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Recovery is a Journey, Not Just a Word

Posted 01-17-2019

Every year, millions of adolescent and adults are impacted by substance use disorders in the United States. While tobacco use and underage drinking have been steadily declining since 2002, only a 5% usage reported in 2014, the use of illicit substances has been increasing. In 2014, 4.3 million Americans, ages 12 and older, reported using pain relievers for nonmedical use.

The Opioid Epidemic

We are currently in the midst of an opioid epidemic. But what does that really mean? In 2016 alone, over 63,000 Americans died from an overdose, and over 42,000 of those deaths were from opioids. Those are just some of the beginning numbers. According to the National Safety Council:

 

  • 11 million Americans misused an opioid pain reliever in the past year
  • More than 2.1 million people suffer from an opioid use disorder
  • One in 10 Americans know someone who has died from an opioid overdose

North Carolina is currently one of 13 states that are improving the opioid epidemic in our state by:

  • Mandating prescriber education
  • Implementing opioid prescribing guidelines
  • Integrating prescription drug monitoring programs into clinical settings
  • Treating opioid overdose
  • The increasing availability of opioid use disorder treatment

Recovering from a Substance Use Disorder

Recovery is an ongoing journey, not a one-and-done type of treatment. Even if you, or someone you know, is suffering from a severe and chronic substance use disorder, with the right help and determination, you can overcome this disease and regain control of your life.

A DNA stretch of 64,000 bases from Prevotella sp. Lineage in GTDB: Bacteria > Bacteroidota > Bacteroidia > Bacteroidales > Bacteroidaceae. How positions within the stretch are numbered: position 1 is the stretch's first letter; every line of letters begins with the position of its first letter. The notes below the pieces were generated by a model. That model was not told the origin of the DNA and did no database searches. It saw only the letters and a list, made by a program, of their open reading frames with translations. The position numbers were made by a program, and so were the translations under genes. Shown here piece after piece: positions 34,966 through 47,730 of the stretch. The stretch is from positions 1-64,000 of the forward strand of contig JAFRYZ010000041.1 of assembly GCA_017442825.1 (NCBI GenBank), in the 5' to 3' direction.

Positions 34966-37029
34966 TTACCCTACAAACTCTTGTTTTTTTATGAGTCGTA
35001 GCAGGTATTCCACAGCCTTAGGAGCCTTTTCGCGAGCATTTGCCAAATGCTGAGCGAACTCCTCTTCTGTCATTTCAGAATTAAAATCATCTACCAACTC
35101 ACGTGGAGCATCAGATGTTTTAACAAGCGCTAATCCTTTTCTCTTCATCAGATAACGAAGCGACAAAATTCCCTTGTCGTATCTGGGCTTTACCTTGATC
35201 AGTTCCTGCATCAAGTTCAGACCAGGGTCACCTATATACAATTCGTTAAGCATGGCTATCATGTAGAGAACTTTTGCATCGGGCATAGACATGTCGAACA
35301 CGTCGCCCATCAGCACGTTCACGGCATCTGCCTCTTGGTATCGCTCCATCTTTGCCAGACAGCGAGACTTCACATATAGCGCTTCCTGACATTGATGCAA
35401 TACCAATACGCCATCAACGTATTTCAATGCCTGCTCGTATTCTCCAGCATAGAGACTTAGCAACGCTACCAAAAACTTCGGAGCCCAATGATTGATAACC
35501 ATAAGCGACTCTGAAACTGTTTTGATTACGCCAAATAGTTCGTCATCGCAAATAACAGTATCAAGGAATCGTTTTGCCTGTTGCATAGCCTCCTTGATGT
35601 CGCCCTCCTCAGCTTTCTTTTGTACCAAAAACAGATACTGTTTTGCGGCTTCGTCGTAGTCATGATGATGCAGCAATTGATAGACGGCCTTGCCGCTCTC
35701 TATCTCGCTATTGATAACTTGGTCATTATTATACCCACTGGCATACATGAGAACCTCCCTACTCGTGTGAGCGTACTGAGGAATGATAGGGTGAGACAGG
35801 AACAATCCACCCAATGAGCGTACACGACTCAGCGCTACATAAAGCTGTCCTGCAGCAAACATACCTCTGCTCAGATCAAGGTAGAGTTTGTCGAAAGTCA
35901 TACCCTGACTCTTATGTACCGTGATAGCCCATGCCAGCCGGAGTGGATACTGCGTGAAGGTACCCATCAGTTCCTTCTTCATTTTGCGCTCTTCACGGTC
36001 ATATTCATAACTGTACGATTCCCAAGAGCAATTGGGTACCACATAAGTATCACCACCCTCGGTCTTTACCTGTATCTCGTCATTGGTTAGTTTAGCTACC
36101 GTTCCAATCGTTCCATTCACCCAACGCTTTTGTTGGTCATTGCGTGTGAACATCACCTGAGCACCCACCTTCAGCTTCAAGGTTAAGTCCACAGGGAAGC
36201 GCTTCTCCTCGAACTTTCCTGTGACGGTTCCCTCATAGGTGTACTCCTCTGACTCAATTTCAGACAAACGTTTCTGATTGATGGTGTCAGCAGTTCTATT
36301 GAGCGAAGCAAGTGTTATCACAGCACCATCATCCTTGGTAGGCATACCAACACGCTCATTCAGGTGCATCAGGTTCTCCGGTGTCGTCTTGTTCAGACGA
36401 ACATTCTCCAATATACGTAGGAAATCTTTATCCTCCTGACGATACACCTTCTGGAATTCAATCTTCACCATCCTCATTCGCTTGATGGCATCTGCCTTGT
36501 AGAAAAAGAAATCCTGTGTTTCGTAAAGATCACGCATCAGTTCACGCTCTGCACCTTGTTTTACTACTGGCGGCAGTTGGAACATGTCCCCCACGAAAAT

What does it mean to be in recovery? This means making positive changes and valuing becoming contributing members of society once again. This process is not an easy one, but one that is highly personal and occurs on many different pathways. Recovery may include clinical treatment, medications, faith-based approaches, peer or family support and much more.

PORT Health’s Medication Assisted Treatment

According to the National Safety Council, successful evidence-based treatment programs address the interdependent aspects of addiction. Understanding how opioids affect a person’s biological, psychological, and social aspects explains why medication-assisted treatment (MAT) is not only necessary but is beneficial to those struggling with a substance use disorder and is the most effective way to treat these disorders.

There is a widely held belief that MAT is simply substituting one drug for another. This is simply not true. The two primary drugs used during this form of treatment satisfy the brain’s pain receptors without the respiratory suppression or addictive euphoria of opioids. Some of the benefits from this form of treatment include:

  • Supporting the recovery, health and well-being of the person or families served
  • Enhancing the quality of life for the person served
  • Reducing symptoms or needs and building resilience
  • Restoring and/or improving function
  • Supporting the integration of the person served in the community